Friday, January 13, 2012
The other day, in a place where I spend entirely too much time *twitter* someone tweeted this out:
Remember that girlfriend that made you do crazy things? Yeah. I miss her.
I tweeted back:
Thanks for making me laugh. Yes. I do. Both. Remember and miss.
The sane and the stable are wonderful; they have their place in the world, and I appreciate the calm and peace they bring. But, oh, a good push you to the brink cray cray girlfriend is someone I wish once in everyone's lifetime.
I was lucky enough to be with one of the craziest girlfriends possible throughout high school, into my days of college, and her days spent as a newly working girl. I met Susie on my first day of high school, during study hall, at an all girl private school. She was a sophomore, I was a freshman. She sat in an empty spot next to me and held her left hand out. "It's my engagement ring," she said to the table. I heard a voice call her liar and tell her that was probably her mother's ring. "Jealous," she said to the air. I remember thinking how first of all, I'd be too scared to take my mother's diamond ring to school; and second, she looked like a girl who could have an engagement ring.
The school was divided into two types: the good girls who were sent there because their parents wanted to keep them good and that meant away from finding out about boys, drugs, and all the in between; and the bad girls who were sent there for almost the same reason: to keep them away from what they had found out about boys, drugs, and all the in between. I was a good girl.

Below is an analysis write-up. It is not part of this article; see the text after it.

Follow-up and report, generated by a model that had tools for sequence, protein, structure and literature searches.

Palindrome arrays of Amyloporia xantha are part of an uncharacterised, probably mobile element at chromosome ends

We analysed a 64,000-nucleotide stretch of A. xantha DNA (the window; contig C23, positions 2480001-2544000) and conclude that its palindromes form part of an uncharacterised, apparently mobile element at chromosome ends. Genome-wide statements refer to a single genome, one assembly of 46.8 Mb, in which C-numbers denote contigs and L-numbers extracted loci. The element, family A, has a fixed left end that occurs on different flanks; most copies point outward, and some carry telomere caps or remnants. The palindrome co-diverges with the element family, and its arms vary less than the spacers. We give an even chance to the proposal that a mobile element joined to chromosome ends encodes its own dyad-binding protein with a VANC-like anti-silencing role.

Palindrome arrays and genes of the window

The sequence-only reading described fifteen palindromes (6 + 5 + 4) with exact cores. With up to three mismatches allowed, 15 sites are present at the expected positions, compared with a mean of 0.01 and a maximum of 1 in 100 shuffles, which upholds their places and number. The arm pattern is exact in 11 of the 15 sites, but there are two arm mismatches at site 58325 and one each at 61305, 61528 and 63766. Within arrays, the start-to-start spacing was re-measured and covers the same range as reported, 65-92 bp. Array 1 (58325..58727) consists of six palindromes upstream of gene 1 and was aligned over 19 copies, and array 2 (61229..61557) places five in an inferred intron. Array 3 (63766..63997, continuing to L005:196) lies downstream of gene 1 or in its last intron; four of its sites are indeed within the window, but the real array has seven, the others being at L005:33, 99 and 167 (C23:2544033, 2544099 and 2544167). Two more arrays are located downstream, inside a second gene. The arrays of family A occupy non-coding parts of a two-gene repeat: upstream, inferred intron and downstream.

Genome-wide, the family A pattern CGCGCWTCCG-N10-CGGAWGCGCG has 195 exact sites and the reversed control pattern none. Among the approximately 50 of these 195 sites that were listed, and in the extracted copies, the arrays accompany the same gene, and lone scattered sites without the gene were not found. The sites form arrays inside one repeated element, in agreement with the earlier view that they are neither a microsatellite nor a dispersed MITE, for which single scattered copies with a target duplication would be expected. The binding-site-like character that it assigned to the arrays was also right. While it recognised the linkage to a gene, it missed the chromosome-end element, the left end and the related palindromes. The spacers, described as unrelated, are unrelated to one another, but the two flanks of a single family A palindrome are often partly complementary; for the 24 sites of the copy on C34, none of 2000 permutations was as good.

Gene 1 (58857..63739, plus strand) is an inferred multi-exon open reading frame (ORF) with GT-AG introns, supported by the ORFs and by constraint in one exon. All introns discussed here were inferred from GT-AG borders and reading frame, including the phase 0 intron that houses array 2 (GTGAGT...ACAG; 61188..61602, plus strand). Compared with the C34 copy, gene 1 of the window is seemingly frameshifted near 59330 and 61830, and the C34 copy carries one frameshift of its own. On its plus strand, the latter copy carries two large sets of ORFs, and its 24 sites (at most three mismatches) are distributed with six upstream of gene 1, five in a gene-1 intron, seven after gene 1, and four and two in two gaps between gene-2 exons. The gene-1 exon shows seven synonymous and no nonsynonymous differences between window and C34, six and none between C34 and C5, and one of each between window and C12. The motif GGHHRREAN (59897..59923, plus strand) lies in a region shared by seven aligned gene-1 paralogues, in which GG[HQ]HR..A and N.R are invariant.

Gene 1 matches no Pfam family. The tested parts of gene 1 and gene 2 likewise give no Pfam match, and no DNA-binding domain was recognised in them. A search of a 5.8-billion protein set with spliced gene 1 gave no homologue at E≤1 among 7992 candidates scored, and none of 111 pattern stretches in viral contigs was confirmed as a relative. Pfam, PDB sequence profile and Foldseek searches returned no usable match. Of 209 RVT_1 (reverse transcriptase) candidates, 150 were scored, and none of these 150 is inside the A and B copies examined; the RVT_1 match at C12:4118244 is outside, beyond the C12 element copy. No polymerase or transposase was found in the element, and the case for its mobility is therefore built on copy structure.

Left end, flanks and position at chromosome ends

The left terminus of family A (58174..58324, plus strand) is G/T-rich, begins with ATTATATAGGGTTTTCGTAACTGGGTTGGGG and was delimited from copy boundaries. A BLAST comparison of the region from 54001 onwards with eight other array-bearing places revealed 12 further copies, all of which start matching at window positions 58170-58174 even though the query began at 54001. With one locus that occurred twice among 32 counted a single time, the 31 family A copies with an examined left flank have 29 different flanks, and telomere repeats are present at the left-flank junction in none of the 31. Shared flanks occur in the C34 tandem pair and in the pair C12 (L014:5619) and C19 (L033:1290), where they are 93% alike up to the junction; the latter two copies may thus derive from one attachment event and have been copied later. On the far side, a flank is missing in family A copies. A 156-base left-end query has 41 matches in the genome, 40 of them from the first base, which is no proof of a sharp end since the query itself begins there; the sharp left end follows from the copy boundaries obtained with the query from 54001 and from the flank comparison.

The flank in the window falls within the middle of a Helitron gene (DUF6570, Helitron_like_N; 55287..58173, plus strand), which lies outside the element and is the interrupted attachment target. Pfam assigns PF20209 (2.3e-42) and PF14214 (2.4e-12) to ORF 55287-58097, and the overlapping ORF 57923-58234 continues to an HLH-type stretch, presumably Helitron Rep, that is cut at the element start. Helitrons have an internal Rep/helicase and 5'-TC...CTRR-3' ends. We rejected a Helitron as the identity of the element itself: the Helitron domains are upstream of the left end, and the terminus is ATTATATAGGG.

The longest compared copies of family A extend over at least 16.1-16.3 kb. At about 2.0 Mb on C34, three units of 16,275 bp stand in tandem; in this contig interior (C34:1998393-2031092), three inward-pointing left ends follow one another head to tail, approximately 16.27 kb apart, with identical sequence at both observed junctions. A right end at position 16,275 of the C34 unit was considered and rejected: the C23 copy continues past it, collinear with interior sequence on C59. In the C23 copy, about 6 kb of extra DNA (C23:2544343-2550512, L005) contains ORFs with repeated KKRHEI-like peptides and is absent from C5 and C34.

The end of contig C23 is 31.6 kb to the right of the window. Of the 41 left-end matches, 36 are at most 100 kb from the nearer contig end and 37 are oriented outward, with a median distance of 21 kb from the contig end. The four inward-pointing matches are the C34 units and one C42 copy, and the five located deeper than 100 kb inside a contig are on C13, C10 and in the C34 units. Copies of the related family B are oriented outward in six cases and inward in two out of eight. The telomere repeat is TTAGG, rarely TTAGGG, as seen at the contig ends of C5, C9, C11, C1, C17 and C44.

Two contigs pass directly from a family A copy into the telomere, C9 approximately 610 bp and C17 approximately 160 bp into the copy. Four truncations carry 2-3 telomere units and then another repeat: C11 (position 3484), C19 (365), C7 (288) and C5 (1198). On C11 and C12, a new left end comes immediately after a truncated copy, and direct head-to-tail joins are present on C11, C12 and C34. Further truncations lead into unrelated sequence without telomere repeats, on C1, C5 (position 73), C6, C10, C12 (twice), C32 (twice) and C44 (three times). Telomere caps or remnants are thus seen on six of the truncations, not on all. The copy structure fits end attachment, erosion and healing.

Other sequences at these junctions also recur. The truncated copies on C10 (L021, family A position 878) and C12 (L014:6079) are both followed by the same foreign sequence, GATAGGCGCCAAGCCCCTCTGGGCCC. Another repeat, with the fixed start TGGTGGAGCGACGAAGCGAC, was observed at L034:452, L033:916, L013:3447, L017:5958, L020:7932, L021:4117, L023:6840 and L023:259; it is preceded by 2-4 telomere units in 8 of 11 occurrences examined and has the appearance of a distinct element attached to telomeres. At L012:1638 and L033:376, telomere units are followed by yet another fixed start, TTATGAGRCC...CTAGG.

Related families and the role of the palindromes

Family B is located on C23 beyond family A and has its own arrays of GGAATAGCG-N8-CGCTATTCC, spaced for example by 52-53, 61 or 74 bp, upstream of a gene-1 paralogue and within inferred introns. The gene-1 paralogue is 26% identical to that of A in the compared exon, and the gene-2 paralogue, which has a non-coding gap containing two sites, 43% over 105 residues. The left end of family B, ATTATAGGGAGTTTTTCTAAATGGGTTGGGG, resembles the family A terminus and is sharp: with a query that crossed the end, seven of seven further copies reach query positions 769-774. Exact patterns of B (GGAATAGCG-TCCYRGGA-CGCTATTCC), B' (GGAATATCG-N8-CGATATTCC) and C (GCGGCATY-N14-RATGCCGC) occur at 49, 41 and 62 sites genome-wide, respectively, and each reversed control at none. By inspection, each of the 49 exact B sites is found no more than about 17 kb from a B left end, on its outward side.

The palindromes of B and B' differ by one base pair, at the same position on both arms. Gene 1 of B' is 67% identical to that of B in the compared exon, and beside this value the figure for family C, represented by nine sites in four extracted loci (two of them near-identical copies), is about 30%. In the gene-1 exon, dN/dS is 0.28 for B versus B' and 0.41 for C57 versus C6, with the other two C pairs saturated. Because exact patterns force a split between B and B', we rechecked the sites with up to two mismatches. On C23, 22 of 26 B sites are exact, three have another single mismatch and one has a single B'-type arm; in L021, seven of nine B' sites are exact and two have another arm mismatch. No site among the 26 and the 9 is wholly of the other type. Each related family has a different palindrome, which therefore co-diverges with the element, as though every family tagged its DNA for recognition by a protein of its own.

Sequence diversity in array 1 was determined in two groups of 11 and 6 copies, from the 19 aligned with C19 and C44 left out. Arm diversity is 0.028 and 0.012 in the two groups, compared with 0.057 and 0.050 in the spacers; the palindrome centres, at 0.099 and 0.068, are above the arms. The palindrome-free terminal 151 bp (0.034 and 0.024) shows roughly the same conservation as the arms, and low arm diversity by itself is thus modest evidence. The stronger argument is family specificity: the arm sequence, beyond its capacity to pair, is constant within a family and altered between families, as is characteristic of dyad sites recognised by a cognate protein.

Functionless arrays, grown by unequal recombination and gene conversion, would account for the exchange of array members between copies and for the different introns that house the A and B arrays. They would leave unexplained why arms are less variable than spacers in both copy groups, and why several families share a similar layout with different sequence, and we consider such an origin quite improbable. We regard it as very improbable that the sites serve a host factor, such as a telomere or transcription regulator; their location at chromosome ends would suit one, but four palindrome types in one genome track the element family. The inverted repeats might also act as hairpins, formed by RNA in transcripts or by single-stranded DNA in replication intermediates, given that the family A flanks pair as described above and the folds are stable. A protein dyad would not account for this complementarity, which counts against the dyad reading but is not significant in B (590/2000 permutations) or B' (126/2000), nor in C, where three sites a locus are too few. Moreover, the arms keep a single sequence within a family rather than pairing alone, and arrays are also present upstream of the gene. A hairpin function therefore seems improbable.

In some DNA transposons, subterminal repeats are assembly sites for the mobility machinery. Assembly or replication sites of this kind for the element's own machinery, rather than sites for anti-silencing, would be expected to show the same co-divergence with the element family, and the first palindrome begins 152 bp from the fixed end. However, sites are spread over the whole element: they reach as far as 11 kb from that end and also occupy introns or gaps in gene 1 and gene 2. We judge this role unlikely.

I used to wonder why she plucked me out of the crowd, I was always the girl in the background. That an older girl would take an interest in a frosh was intoxicating to me.
She took my world to a whole other level. I would watch her, listen to her, go anywhere she wanted me to. And laugh. Laugh until my triple layer mascaraed eyelashes would get stuck together from the tears pouring out of my eyes. The more I'd bend over convulsing with laughter, holding my aching side and begging her to stop, the more outrageous she'd become. She performed it all: flawless impersonations of our teachers, ruthless imitations of the current jerk boyfriend, and dead on perfect skank mimics of the tramp that got the bartender we both wanted.
She wasn't the only person in my social circle back then, there were some level headed people peeking in from time to time. Occasionally, one of these dwellers in groundedness would take me aside and ask, What in the world are you doing with her? She's just too much.
Ah, no, she's not too much. I think she's fabulous.
Friday nights would come and she'd drive over to get me, a B-52's cassette playing in the boom box that sat between us in her father's rusty pale yellow Cadillac, and we'd head for the freeway. Black Pat Benatar blazers on, boxy and to our thighs, lips painted matte red, our bangs held six inches straight up in the air with Paul Mitchell hair shellac; our first stop would be the dance clubs. Two girls on fire with youth, no responsibilities, and a case of Friday night paychecks.